Iain Hollingshead is a sports feature writer for the Daily Telegraph, carrying out research the hard way into a number of less popular Olympic sports, including ours; had he not tried out Graeco-Roman wrestling the previous day, perhaps he would have been sharper!
Thats the Olympic spirit
Few sports are as simple as they look, finds Iain Hollingshead, as he tries out lesser known events.
For much of the year, the sporting calendar is about football, with a little bit of rugby and cricket thrown in. But every four years, as the Olympics rolls round, a host of other sports swim into our consciousness. Some are easy to mock, not least because of the selection process - why are canoeing and beach volleyball Olympic sports, but not golf or lacrosse?
But every time we start to dismiss these minor sports, our prejudices are challenged by an unexpected gem - niche sports such as curling or synchronised diving that suddenly grab the nations attention. And the more obscure they are, the more they foster the feeling that we, too, could make our way into the Olympic side - after all, how difficult can it be to rub a broom across some ice?
So, as Beijing approached, I set out to discover what would get everyone talking this year - and whether I could indeed get myself in Olympic condition in time for 2012. The sports I chose - wrestling, BMX racing, handball and race walking - mixed, stamina, strength and skill. One was the oldest Olympic sport; another the newest; the third was one of the least known; and the last, one of the most ridiculous.
Poor old race walking. I went to an event in Woodford, Essex, with as open a mind as possible, but it wasnt easy given all the nasty things that have been said about the sport. There is something undeniably ridiculous about trying to walk as fast as possible without breaking into a run - indeed, in a recent advert for Snickers, withdrawn for its alleged homophobic content, Mr T of the A-Team lambasted a speed walker as "a disgrace to the man race".
My overwhelming feeling during my relatively short race - 3km, rather than the 20km or 50km of the Olympics - was embarrassment. Carl Lawton, a former British top ten walker, had kindly given me a lesson beforehand. So I knew about pumping your arms across your body "as if holding a handkerchief between them". Id learned that technique came first, followed by speed. Id even mastered the controversial "lifting" rule. But I still looked like someone with piles trying to get to a doctors appointment on time.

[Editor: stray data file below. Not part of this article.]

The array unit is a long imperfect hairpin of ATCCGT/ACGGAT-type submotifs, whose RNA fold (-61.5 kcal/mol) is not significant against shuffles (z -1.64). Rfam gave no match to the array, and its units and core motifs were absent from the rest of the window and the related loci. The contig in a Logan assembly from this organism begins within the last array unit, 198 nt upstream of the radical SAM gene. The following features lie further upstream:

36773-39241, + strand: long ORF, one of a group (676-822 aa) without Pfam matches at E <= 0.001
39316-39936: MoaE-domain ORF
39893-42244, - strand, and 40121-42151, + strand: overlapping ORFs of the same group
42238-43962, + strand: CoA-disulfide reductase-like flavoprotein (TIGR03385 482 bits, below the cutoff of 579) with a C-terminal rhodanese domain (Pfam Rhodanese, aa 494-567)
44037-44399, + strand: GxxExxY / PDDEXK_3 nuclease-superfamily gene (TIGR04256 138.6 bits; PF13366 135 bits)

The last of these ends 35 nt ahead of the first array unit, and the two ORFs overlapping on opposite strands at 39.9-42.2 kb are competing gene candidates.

I waddled seven and a half times round the track, trying to ignore the sniggers of the proper athletes awaiting their own events. At one point, I was so bored that I took out my mobile and made a call. I came 21st out of 21, lapped by everyone except the man who came 20th. He was 71.
As I finally lumbered up to the finishing line, my calves cramping from the strange walking style, the other contestants burst into polite applause and asked me to join them for tea and cake in the car park. I couldnt have burned off more than 10 calories, but they were all so nice - in that slightly nerdy manner you find with trainspotters - that it was impossible to say no.
A couple of younger competitors put up a spirited defence of their sport. "It does look a bit strange," admitted Chelsea O Rawe-Hobbs, an engaging 17-year-old from Essex who has a decent chance of competing in 2012. "My mates give me a bit of stick, but I give it back. What do they do? Sit at home and watch television."
While race walking will, I think, eventually sink beneath a tide of indifference, I bet the male BMX riders get their pick of the beach-volleyball girls in the Olympic village. BMX racing, which originated in California, lasts less than a minute and involves a lot of "whoops" (jumps) and wipe-outs. It is undoubtedly a cool sport - and the British womens number one, a 19-year-old from Crewe called Shanaze Reade, is favourite to win gold at its inaugural Games in Beijing.